Senior gardaí believe commissioner’s resignation stage-managed

Senior sources say Callinan sacrificed to make Taoiseach look strong

Senior Garda sources believe Callinan was sacrificed  to make the Government look strong

Senior Garda sources believe Callinan was sacrificed to make the Government look strong


Senior gardaí believe careful Government planning went into the departure of Martin Callinan from the office of Garda Commissioner.

As they see it, Callinan was already embattled two weeks ago after months of controversy when the Government learned of the secret recording by gardaí of calls in and out of Garda stations.

Taoiseach Enda Kenny dispatched Department of Justice secretary general Brian Purcell to Callinan’s home to impress upon him the seriousness for Government of the ongoing and emerging Garda problems. And two days later Callinan decided he had had enough and walked.

Tapes bombshell
As the media was digesting the resignation story, the Government dropped the tapes bombshell and revealed it had set up a commission of inquiry into the matter.

Kenny looked decisive and strong at the head of a Cabinet united to resolve the mess.

Just a week earlier Leo Varadkar had called for Callinan to withdraw his “disgusting” remarks about the Garda whistleblowers.

Labour Ministers followed Varadkar’s utterances, in open defiance of the Taoiseach’s appeal to keep their thoughts for Cabinet meetings.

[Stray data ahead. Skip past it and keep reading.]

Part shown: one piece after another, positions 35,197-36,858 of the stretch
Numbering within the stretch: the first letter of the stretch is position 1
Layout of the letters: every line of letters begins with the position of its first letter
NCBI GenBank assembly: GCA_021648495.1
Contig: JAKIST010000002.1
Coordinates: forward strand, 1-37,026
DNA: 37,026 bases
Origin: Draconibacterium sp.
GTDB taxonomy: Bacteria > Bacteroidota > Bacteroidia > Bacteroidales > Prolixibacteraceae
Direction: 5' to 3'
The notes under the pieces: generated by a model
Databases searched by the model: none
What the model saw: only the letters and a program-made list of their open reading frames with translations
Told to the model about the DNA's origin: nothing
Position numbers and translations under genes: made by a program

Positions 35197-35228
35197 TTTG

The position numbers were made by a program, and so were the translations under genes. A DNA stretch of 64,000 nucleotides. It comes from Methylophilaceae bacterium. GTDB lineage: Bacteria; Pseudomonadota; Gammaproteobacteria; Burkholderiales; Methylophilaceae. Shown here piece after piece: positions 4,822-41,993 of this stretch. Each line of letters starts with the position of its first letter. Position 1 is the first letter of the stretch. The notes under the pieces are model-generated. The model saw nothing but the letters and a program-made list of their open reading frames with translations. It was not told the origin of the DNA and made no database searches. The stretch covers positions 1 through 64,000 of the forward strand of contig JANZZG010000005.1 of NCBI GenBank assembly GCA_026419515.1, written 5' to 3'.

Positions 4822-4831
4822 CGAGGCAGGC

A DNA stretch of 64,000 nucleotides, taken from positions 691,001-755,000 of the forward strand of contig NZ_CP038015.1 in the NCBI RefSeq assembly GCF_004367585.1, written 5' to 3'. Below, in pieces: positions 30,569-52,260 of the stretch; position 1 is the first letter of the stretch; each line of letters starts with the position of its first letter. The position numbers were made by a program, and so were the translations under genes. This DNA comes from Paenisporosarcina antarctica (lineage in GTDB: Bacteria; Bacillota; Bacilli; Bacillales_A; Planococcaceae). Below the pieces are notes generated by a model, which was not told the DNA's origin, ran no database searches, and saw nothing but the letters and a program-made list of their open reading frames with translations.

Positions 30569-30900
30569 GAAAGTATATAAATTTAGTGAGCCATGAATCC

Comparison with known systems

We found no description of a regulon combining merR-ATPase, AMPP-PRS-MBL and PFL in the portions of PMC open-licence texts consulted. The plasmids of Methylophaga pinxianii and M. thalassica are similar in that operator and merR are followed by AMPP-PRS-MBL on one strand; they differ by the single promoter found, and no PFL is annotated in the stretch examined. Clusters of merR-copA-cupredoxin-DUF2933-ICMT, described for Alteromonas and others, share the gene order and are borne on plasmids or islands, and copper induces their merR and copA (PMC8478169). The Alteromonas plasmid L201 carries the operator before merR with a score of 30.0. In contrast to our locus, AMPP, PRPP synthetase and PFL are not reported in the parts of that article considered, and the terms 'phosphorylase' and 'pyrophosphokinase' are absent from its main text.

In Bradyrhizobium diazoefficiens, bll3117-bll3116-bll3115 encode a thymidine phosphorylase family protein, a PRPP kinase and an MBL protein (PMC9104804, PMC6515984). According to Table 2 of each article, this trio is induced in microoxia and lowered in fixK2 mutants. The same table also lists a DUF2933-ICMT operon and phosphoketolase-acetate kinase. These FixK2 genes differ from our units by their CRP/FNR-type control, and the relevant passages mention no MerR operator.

It was some turnaround in a week.

Senior Garda sources who have spoken to The Irish Times believe Callinan was sacrificed as part of a well-crafted plan to make the Government look strong and united and to suggest the ongoing controversies were of his making.

They have said the Government’s suggestion it established the commission of inquiry so quickly because it feared the tapes were about to be destroyed is completely at odds with what was going on in Garda headquarters.

Race for information
“All the effort was to find out exactly what we had,” said one officer about the recordings. “It was about getting as much information on that as we could and ordering them, itemising them and filing them – the complete opposite of getting rid of them.”

Another said the Attorney General instructed that the tapes not be destroyed because of the exhaustive Garda process to establish the exact legal position of the force and its obligations in relation to the tapes. “We were already doing what she advised; retaining the stuff and putting order on it.”

Another officer said he could not recall a time when news of a major controversy broke in the same statement announcing the establishment of a commission of inquiry to examine it.

“The result of that is that the (Oireachtas) committees can’t call the key people in and question them about what happened in the days before (Callinan) went because the inquiry will have to be given priority and that might take years. It’s worked out very well for the Government. Do you think that’s a coincidence?”

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